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#06-295 October 30, 2006  

New state DNR biologists assist delivery of federal programs

Using a successful model employed in other Southeastern states, S.C. Department of Natural Resources and U.S. Department of Agriculture Natural Resources Conservation Service entered into an agreement to hire three wildlife biologists to assist in the development of conservation plans emphasizing enhancement and restoration of habitat for priority species in South Carolina’s Comprehensive Wildlife Conservation Strategy.

The goal of the Comprehensive Wildlife Conservation Strategy is to emphasize a cooperative, proactive approach to conservation while working with state and local governments, local businesses, and conservation-minded individuals to join in the effort of maintaining all of the wildlife resources of South Carolina. More than 50 high-priority species identified in South Carolina’s Comprehensive Wildlife Conservation Strategy are expected to benefit as a result of this project. More information on the Comprehensive Wildlife Conservation Strategy can be found at http://www.dnr.sc.gov/cwcs/index.html.

The federal Farm Security and Rural Investment Act of 2002 (Farm Bill) is landmark legislation that provides for unprecedented opportunity to assist farmers and rural landowners with meeting environmental challenges on their lands. The S.C Department of Natural Resources (DNR) and federal Natural Resources Conservation Service have a history of working together to provide technical and financial assistance to the landowners of South Carolina through Farm Bill programs. This past June, the two agencies united in an effort to increase capacity for the delivery of technical guidance to private landowners and agricultural producers.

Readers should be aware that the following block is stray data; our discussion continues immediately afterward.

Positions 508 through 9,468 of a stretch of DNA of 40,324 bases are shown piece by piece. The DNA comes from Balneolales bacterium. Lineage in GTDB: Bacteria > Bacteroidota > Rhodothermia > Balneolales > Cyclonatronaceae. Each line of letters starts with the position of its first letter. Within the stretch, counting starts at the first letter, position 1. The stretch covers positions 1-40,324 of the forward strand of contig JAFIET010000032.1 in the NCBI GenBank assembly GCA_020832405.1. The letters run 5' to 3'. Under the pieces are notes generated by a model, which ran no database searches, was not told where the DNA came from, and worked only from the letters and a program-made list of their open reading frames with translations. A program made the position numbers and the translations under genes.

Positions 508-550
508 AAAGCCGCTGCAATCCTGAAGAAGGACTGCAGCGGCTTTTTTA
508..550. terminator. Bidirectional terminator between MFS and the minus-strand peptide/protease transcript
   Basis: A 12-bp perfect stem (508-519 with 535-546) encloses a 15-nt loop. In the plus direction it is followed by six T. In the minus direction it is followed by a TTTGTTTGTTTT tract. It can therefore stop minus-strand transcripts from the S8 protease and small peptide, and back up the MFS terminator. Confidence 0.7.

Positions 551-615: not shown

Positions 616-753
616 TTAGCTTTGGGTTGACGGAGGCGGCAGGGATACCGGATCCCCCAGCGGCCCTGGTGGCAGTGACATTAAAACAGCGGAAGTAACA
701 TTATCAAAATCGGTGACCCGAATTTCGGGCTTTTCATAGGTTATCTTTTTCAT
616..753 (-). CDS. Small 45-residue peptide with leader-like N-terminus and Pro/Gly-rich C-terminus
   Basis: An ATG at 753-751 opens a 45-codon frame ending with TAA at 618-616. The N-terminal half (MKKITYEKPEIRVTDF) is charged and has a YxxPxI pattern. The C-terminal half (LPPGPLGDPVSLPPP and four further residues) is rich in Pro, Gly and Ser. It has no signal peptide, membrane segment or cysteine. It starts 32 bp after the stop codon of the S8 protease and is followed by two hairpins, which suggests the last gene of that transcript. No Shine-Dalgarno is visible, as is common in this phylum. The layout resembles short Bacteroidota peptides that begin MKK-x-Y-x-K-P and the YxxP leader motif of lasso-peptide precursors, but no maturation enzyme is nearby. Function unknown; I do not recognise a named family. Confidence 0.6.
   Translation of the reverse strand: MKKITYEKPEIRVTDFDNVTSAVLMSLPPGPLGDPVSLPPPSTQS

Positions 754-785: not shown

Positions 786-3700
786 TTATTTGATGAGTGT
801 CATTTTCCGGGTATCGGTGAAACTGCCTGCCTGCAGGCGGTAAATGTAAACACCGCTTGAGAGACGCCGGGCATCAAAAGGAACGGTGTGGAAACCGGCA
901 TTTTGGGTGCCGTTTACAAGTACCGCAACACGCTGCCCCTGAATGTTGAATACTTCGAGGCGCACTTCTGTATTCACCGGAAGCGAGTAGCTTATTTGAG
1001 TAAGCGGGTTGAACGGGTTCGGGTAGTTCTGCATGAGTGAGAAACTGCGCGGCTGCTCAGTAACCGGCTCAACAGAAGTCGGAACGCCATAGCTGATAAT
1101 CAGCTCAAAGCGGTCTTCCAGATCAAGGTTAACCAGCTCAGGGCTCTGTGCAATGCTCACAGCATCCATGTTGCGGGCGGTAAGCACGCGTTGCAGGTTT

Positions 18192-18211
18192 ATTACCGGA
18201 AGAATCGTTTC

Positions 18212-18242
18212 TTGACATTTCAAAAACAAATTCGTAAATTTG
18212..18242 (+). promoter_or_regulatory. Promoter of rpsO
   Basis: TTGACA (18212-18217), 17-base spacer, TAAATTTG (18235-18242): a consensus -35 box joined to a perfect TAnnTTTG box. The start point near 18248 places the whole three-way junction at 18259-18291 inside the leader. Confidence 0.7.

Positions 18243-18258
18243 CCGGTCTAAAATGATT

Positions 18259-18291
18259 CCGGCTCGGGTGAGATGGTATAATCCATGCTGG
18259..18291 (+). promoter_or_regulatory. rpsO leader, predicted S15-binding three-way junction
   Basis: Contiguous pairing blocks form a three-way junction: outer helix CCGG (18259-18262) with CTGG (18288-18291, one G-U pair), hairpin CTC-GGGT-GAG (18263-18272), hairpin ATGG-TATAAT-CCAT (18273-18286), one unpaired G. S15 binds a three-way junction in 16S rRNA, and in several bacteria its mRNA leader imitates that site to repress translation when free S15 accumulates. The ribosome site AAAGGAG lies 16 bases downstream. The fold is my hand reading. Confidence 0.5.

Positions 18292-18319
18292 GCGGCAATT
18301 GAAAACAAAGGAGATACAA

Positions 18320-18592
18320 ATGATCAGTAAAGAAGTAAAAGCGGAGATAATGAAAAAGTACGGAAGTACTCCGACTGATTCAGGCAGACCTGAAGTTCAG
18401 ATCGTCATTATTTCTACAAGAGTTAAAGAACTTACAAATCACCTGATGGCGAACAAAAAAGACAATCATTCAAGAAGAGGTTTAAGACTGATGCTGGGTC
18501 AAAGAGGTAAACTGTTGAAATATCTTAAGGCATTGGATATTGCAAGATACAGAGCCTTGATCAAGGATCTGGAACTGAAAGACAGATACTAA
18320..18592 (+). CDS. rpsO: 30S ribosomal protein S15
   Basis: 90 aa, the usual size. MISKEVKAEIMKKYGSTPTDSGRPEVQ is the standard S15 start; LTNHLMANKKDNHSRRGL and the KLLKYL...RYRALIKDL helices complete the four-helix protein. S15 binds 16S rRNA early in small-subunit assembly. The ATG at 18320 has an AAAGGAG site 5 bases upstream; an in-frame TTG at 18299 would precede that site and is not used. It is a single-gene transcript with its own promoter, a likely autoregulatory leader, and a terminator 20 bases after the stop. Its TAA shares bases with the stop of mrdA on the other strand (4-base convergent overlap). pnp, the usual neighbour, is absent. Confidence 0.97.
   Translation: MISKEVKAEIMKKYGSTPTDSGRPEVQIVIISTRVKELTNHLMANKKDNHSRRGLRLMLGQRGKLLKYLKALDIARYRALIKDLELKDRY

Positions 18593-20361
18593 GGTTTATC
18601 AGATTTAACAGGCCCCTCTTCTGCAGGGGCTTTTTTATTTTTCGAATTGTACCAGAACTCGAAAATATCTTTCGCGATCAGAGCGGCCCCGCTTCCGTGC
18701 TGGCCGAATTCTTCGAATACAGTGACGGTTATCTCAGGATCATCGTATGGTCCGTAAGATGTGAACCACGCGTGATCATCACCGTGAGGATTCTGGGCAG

In June 2006, DNR hired three wildlife biologists who are headquartered in Natural Resources Conservation Service offices in Bamberg, Lee and Marion counties.
           
Cory Drennan is headquartered in the Bamberg Natural Resources Conservation Service office and covers a nine county (Aiken, Allendale, Bamberg, Barnwell, Calhoun, Colleton, Dorchester, Hampton, and Orangeburg) area. Contact Cory at drennanc@dnr.sc.gov or (803) 245-4311.
           
Margaret (Meg) McElveen is headquartered in the Marion Natural Resources Conservation Service office and covers a seven county (Dillon, Florence, Georgetown, Horry, Marion, Marlboro, and Williamsburg) area. Contact Meg at mcelveenm@dnr.sc.gov or (843) 423-0223.
           
Evan Myers is headquartered in the Bishopville Natural Resources Conservation Service office and covers a seven county (Chesterfield, Clarendon, Darlington, Kershaw, Lee, Richland, and Sumter) area. Contact Evan at myerse@dnr.sc.gov or (803) 484-5388.

Landowners in any of the counties listed above should contact the appropriate biologist for information on technical and financial assistance available through Farm Bill Programs.

“This project will result in greater levels of conservation and stewardship of priority wildlife species on South Carolina’s working agricultural lands,” said Judy Barnes, DNR small game biologist who also serves as the Farm Bill/agriculture liaison biologist for DNR’s Wildlife and Freshwater Fisheries Division. “We are truly excited about the opportunity to work directly with the Natural Resources Conservation Service to deliver wildlife conservation practices to South Carolina’s landowners.”

For more information on Farm Bill programs and wildlife habitat enhancement practices, contact a local Natural Resources Conservation Service office or the DNR Small Game Project at (803) 734-3609.
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